Kew Gardens

Kew Gardens is a botanical garden in west London. It was first created by Princess Augusta in 1759 and from the beginning its royal patronage meant that money was available for collecting plants from all over the world and for building greenhouses and features such as the pagoda.

George III spent a lot of time during his reign in Kew Gardens and during his reign the collection of plants grew. Not long after Queen Victoria came to the throne in 1837 the gardens were transferred from the Crown to the government and were opened to the public.

Today Kew Gardens is one of London’s major tourist attractions with two million visitors annually. The site is bounded in the north by the River Thames and is made up of alluvial soils. Within the gardens there are many different habitats showcasing different species of tree and plants.

Visiting Kew Gardens

It is always a delight to visit Kew Gardens what ever the time of year or day.  In winter, walk through the coniferous woodland and admire the American redwoods. Syon House is more clearly seen in the winter – sit on one of the memorial benches  along the Syon Outlook and gaze across the River Thames at the London home of the Dukes of Northumberland. In January and February the spring bulbs start to make an appearance – snowdrops, crocuses and daffodils.  Head for the woodland garden and the Temple of Aeoulus for the best display of spring bulbs.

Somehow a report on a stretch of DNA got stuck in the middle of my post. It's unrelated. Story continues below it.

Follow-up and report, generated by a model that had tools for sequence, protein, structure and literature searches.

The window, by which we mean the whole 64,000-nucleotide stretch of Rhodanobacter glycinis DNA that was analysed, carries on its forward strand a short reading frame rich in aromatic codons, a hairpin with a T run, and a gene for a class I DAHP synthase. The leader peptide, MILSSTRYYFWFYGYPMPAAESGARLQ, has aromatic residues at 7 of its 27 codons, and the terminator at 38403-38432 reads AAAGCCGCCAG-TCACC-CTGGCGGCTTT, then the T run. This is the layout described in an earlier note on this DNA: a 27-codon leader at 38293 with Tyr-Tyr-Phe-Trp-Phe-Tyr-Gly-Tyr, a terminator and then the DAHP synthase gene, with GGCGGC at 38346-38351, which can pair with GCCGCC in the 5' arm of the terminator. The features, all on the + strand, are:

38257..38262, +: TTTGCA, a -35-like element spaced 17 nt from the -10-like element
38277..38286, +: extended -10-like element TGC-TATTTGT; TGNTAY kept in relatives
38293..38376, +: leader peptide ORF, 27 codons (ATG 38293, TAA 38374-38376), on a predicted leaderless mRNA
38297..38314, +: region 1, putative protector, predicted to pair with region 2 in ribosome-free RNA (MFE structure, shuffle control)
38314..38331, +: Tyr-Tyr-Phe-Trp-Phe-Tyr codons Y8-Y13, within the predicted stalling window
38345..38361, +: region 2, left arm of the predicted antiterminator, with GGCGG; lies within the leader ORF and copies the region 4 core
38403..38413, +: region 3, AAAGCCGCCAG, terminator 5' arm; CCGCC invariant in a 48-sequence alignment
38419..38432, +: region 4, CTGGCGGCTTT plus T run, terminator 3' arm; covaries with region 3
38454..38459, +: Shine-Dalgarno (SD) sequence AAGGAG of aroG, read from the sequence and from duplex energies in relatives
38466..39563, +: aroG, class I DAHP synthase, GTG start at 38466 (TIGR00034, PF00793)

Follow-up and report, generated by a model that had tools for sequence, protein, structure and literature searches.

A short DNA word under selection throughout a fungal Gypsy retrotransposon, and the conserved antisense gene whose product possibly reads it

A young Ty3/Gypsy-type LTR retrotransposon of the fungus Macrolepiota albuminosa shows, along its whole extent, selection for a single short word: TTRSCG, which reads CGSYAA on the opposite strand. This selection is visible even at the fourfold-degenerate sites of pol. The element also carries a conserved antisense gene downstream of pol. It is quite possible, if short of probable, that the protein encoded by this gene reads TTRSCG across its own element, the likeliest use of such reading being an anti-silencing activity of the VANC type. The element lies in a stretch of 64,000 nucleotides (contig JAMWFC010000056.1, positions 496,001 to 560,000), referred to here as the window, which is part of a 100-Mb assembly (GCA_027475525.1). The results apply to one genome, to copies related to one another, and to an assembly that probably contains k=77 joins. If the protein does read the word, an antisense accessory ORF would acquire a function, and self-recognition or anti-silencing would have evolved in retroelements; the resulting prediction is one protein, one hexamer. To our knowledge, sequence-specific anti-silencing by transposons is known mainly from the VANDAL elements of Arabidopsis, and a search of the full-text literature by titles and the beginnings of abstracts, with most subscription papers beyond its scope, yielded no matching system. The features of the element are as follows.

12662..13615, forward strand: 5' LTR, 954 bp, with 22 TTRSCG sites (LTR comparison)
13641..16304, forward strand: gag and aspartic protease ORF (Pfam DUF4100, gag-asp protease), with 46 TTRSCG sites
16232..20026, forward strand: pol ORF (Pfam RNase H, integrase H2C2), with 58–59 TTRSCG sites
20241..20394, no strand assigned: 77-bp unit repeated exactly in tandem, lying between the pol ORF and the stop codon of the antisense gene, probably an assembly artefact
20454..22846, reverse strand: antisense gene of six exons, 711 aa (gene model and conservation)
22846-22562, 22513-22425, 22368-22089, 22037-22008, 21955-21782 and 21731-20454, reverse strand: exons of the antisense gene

On a cold day take refuge in one of the greenhouses –  doesn’t miss the Temperate House and the Palm House.  The orchid festival in the Princess of Wales Conservatory (named after Princess Augusta) in early spring is always a treat. The Shirley Sherwood Gallery of Botanical Art is another treat particularly on a windy wet day. 

When the spring weather arrives, take a stroll though the rock garden to see spring bulbs and alpines – all low growing plants with delicate colourful flowers. In late spring enjoy the pleasures of the Camellia and the Rhododendrons Dell and be entranced by the cherry blossom at the Japanese Gateway. 

In the summer feast on the bedding displays at the Palm House Parterre and the herbaceous perennials along the Great Broad Walk Borders. The colours from favourites such as rudbeckias, heleniums, asters, salvias, hardy geraniums and phlox blend together to make a perfect picture. Other highlights include the Rose Garden and the Waterlily Pond. 

There are many reminders that the grounds were once the private gardens of a royal family.  Kew was home to George III, his wife Queen Charlotte and their many children.  Visit Kew Palace and Queen Charlotte’s Cottage to gain a glimpse  of domestic life in the eighteenth century.  In his later years, George III when he was suffering from bouts of mental illness was often kept  isolated in his Kew Palace.  

Kew Gardens has several events throughout the year.  Summer evenings can be spent cycling around the gardens or sitting listening to music.  A highlight of the Christmas period is the light installations.  Book the pantomime at Richmond theatre and then wander around the light trail with a glass of mulled wine for a special treat.